A Bill of Rights, looted long ago, is stolen back

Though he's known for his work as a bookish appraiser on PBS's "Antiques Roadshow," Wayne Pratt hardly needs to moonlight: In his day job, he's one of New England's most successful antique dealers.

But not long ago, Mr. Pratt - a tall, quiet, slightly balding man with an affinity for heirloom furniture and toys - strayed from his specialty and picked up a long-lost original Bill of Rights, signed by John and Samuel Adams. The document was a perfect match to one stolen from North Carolina's Capitol during Gen. William Sherman's march in 1865. Pratt then made what authorities say was a bad decision: He tried to profit from the public's edicts and the signatures of famous men.

In a sting operation last month, an FBI special agent posing as a Philadelphia philanthropist with a fake $4 million check persuaded Pratt to sell the Bill. Couriered to Philadelphia, the Bill was seized and squirreled home for the first time in 138 years, to a secure hiding place.

The sting is one of the biggest in US history, collaring what archivists here call a "holy relic" - which, if genuine, would be the last of what were once five missing Bills. The controversy probes the fine line between public and private property, and the question of whether Pratt broke the law when he tried to sell the original American edicts. Now, he's at the center of what could be a criminal investigation - and a case to chill the lucrative, oft-mys-terious trade in Colonial charters and famous John Hancocks.

"This may ... affect our industry from the standpoint of the validity of providence and whether we can count on it in the future," says Jim Tucker, director of the Antiques and Collectibles Dealer Association in Cornelius, N.C.

Fourteen Bills of Rights were produced by the First Federal Congress, and George Washington posted them to the 13 soon-to-be states for ratification. Eventually, three went missing and two were burned, but North Carolina's has had the most intriguing adventure. Stolen by an Ohio infantryman when Sherman's troops sacked Raleigh in 1865, it resurfaced twice - in 1897, when news reports placed it on the Indianapolis office wall of Charles Shotwell, who bought it for $5, and again in 1925, when a Pennsylvania dealer contacted North Carolina. Both times, the state rebuffed negotiations, saying it wouldn't pay for what belonged to the people. Now, the Bill may be worth $30 million.

"This is property belonging to a sovereign," insists Frank Whitney, the US attorney handling the case here in Raleigh.

Then the Bill disappeared for a lifetime - turning up 70 years later in 1995, when a proxy brought it tothe North Carolina Department of Archives and History. At that meeting, a threat was made: Buy it - or we sell it to the Middle East. Meanwhile, two missing copies found their ways to the Library of Congress and the New York Public Library. "They were asking so much money, it was far beyond anything we could have paid," says Jeff Crow, a deputy state archivist who sat in on those talks.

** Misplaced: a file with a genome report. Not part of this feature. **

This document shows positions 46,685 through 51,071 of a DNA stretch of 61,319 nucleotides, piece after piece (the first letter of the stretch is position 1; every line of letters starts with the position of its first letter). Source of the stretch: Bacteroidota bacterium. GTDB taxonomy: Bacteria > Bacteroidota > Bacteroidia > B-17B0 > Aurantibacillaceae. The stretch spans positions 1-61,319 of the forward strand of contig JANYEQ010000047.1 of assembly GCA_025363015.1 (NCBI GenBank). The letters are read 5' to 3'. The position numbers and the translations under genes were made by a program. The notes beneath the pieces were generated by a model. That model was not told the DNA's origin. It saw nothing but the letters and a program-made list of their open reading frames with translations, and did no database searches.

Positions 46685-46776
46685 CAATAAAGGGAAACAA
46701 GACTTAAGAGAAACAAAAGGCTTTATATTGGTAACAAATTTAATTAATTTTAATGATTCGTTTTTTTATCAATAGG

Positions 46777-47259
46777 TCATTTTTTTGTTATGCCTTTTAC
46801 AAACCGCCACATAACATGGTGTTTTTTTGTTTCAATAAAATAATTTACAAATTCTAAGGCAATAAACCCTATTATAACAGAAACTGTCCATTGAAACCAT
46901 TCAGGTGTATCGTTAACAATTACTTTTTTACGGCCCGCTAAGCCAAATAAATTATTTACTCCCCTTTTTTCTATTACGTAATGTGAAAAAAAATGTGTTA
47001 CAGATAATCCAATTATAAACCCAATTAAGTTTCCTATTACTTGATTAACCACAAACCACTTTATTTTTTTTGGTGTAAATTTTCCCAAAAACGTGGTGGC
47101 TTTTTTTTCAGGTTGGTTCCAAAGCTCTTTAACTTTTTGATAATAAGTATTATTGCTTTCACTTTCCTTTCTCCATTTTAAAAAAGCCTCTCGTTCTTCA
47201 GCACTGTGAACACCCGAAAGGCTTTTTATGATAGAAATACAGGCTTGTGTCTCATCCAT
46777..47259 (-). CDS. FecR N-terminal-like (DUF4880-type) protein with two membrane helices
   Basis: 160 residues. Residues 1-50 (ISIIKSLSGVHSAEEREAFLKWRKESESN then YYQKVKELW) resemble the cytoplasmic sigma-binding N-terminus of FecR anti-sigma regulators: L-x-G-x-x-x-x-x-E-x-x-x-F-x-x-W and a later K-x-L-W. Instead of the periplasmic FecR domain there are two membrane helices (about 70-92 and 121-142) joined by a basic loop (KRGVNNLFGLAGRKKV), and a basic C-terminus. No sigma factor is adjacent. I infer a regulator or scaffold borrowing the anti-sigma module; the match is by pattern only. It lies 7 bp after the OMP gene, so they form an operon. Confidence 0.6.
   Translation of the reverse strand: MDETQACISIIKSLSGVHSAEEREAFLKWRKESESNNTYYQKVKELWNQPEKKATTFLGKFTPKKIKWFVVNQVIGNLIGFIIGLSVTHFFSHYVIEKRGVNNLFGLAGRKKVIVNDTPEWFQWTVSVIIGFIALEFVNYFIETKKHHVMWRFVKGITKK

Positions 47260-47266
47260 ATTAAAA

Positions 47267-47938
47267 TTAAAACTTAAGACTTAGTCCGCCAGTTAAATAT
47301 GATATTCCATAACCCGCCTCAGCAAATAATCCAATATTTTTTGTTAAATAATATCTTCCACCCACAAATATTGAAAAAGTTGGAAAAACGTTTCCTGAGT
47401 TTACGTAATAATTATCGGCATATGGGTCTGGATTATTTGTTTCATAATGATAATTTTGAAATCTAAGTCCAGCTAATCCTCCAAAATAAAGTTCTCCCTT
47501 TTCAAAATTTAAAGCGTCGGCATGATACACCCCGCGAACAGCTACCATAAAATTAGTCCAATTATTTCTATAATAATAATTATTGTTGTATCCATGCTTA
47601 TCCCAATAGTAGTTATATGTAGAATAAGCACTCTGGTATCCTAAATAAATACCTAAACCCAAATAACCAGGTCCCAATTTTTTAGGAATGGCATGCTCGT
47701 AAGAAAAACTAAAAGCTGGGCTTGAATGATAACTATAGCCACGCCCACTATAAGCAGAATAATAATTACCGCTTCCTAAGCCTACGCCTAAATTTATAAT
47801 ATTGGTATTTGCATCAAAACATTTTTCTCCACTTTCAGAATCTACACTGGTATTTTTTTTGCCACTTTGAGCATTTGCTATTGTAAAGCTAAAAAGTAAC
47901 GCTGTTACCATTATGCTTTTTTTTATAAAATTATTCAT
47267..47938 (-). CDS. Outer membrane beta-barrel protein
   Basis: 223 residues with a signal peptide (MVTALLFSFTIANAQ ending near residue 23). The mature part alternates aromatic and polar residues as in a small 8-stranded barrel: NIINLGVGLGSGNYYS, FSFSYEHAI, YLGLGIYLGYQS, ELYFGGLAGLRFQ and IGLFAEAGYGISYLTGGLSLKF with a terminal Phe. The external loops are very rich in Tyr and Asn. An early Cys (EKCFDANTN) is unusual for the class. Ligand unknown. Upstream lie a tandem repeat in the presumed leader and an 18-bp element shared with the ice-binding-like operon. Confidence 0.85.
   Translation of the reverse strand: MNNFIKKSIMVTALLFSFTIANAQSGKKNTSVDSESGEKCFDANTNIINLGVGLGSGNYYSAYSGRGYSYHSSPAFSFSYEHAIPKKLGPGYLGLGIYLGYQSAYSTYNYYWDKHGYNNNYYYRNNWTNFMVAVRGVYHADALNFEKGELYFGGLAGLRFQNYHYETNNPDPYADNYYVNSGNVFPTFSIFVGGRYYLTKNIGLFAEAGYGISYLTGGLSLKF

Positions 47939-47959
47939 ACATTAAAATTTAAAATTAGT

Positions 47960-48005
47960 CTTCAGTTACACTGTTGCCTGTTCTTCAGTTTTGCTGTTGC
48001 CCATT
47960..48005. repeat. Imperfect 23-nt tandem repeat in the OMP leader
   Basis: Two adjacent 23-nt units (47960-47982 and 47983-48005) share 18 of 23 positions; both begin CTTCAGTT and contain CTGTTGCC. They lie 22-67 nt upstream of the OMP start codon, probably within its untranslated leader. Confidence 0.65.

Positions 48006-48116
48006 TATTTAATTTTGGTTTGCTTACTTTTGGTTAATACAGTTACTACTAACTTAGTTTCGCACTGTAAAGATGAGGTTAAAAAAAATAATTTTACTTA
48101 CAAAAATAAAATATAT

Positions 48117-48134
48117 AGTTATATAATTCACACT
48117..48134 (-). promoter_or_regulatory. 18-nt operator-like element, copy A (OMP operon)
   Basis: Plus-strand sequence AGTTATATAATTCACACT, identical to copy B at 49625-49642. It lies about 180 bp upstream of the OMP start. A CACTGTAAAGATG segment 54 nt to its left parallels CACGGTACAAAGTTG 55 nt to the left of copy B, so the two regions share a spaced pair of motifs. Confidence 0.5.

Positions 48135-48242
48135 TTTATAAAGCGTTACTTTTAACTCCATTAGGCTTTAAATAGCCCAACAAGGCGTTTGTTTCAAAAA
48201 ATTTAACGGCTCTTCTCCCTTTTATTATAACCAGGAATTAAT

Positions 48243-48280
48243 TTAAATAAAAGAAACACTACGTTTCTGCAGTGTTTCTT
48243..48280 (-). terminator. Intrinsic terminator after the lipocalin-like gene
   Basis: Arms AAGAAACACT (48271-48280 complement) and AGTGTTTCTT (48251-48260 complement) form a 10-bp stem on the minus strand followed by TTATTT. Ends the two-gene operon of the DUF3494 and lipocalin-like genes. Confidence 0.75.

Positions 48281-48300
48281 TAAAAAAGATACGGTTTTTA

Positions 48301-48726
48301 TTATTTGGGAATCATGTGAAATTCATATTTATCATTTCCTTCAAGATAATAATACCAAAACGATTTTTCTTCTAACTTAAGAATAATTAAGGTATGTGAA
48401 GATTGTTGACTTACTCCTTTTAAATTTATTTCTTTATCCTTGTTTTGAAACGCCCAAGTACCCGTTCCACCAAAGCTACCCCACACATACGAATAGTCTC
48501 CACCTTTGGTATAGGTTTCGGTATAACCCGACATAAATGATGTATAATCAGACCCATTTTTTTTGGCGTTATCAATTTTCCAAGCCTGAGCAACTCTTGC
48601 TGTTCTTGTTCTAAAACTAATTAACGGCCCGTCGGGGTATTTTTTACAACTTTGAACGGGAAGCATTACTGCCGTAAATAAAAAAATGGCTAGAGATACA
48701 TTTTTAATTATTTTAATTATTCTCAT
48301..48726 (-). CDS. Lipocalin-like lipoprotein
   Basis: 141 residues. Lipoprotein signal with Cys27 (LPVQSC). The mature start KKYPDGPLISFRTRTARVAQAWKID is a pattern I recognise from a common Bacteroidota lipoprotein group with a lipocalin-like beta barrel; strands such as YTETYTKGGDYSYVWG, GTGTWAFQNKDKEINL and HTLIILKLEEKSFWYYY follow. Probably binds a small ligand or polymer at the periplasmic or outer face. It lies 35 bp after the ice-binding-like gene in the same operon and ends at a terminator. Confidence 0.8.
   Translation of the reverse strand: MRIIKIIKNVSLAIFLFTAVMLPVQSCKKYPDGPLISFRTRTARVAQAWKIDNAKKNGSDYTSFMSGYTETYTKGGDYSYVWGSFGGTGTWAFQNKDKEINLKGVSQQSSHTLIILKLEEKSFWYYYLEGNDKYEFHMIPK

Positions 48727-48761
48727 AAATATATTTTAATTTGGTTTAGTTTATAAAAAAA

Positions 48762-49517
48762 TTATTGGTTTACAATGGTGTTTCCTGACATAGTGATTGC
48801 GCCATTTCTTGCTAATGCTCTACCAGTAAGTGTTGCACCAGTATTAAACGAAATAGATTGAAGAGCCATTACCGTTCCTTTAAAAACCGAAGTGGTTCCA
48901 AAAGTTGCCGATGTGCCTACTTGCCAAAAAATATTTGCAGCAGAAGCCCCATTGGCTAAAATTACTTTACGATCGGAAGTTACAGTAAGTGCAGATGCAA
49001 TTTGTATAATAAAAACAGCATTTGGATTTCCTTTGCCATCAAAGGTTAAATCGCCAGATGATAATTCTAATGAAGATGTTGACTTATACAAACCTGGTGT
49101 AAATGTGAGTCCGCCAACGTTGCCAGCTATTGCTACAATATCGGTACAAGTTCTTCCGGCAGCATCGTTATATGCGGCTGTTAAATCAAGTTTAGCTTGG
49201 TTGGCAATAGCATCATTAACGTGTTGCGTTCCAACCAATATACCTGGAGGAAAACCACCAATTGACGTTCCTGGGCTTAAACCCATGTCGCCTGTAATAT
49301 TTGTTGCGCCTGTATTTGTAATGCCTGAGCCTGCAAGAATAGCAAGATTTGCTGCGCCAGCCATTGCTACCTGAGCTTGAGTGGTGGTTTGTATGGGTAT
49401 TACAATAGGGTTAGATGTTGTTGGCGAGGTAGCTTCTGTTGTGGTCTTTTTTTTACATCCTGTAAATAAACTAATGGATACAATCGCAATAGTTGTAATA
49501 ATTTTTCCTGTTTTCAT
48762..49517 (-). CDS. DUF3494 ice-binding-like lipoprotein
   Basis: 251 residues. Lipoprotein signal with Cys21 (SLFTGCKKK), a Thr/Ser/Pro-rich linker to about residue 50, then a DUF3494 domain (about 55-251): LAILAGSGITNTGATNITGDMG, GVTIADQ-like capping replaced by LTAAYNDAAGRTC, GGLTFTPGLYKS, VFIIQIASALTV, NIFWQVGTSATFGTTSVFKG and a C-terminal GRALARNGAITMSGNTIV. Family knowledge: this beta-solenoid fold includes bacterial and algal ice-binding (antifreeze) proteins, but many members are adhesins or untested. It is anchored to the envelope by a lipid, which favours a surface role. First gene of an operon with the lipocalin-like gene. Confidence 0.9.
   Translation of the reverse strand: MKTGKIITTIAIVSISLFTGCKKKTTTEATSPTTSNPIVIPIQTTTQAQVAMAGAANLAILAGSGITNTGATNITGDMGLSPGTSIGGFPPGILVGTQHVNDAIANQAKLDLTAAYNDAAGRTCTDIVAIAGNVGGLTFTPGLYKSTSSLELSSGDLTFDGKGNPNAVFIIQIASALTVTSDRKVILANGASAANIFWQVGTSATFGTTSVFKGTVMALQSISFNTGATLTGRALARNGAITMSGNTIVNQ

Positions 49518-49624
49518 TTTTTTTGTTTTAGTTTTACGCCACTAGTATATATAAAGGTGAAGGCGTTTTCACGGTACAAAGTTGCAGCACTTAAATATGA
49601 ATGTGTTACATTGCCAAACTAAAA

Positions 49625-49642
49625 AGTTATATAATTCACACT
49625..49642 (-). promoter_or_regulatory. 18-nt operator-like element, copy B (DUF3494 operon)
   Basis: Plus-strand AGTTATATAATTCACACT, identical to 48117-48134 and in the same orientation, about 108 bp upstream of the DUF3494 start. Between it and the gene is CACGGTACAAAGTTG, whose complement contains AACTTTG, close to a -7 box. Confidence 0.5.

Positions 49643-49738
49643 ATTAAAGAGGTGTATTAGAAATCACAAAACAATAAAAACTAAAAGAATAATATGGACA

Three years ago, two men and a woman, with two guards, brought a framed Bill to Charlene Bangs Bickford, director of the First Federal Congress Project at George Washington University. They were a shadowy bunch, she says - "no names, no phone numbers, no nothing."

After confirming its authenticity, the conservators wrung their hands about letting the manuscript out of the building. "It's absolutely priceless," says Bickford. But the First Federal Congress Project was reluctant to contact authorities - and risk driving the document further underground.

Finally, in March, the curator at the National Constitution Center in Philadelphia called authorities: The Bill had resurfaced. The sting went down a few days later.

While the state has laid claim to the Bill, critics question why archivists here waited so long. In fact, they say, if Pratt can prove that the state failed to go after the Bill in the past, a court may find that the Tarheels abdicated ownership. Pratt has already sued, claiming there's no conclusive evidence that it belongs to North Carolina.

"I would not think this would be a slam-dunk case for North Carolina," says New York manuscript dealer Ken Rendell, who helped debunk the Hitler Diaries and wrote "Forging History."

North Carolina has become a pariah in the manuscript world, reclaiming letters from Thomas Jefferson and a sheaf of stolen archives. Some say the state's hot pursuit of "alienated" documents has made those documents worthless on the open market.

Instead of encouraging collectors to return such documents, some curators fear, the tack could have the opposite effect. "You don't want to intimidate them from coming forward when something's found," says Bickford.

The defining case involved an North Carolina doctor named B.C. West who had a copy of a letter written by William Hooper - a signer of the Declaration of Independence - before North Carolina was a state. The state successfully appealed to its Supreme Court - and has chased missing documents ever since. "We're very unapologetic about it," says Mr. Crow at the State Archives. "These are the people's records and they should be preserved."

Pratt's role remains unclear. He's lost his "Antiques Roadshow" gig, at least for now; colleagues are baffled. Not being a manuscript specialist may have worked against him, fueling awe for a Bill declaring: "[No] private property [shall] be taken for public use, without just compensation."

"I don't see Wayne Pratt doing it for the value," says Mr. Tucker, "as much as just the ability to handle a piece like that."

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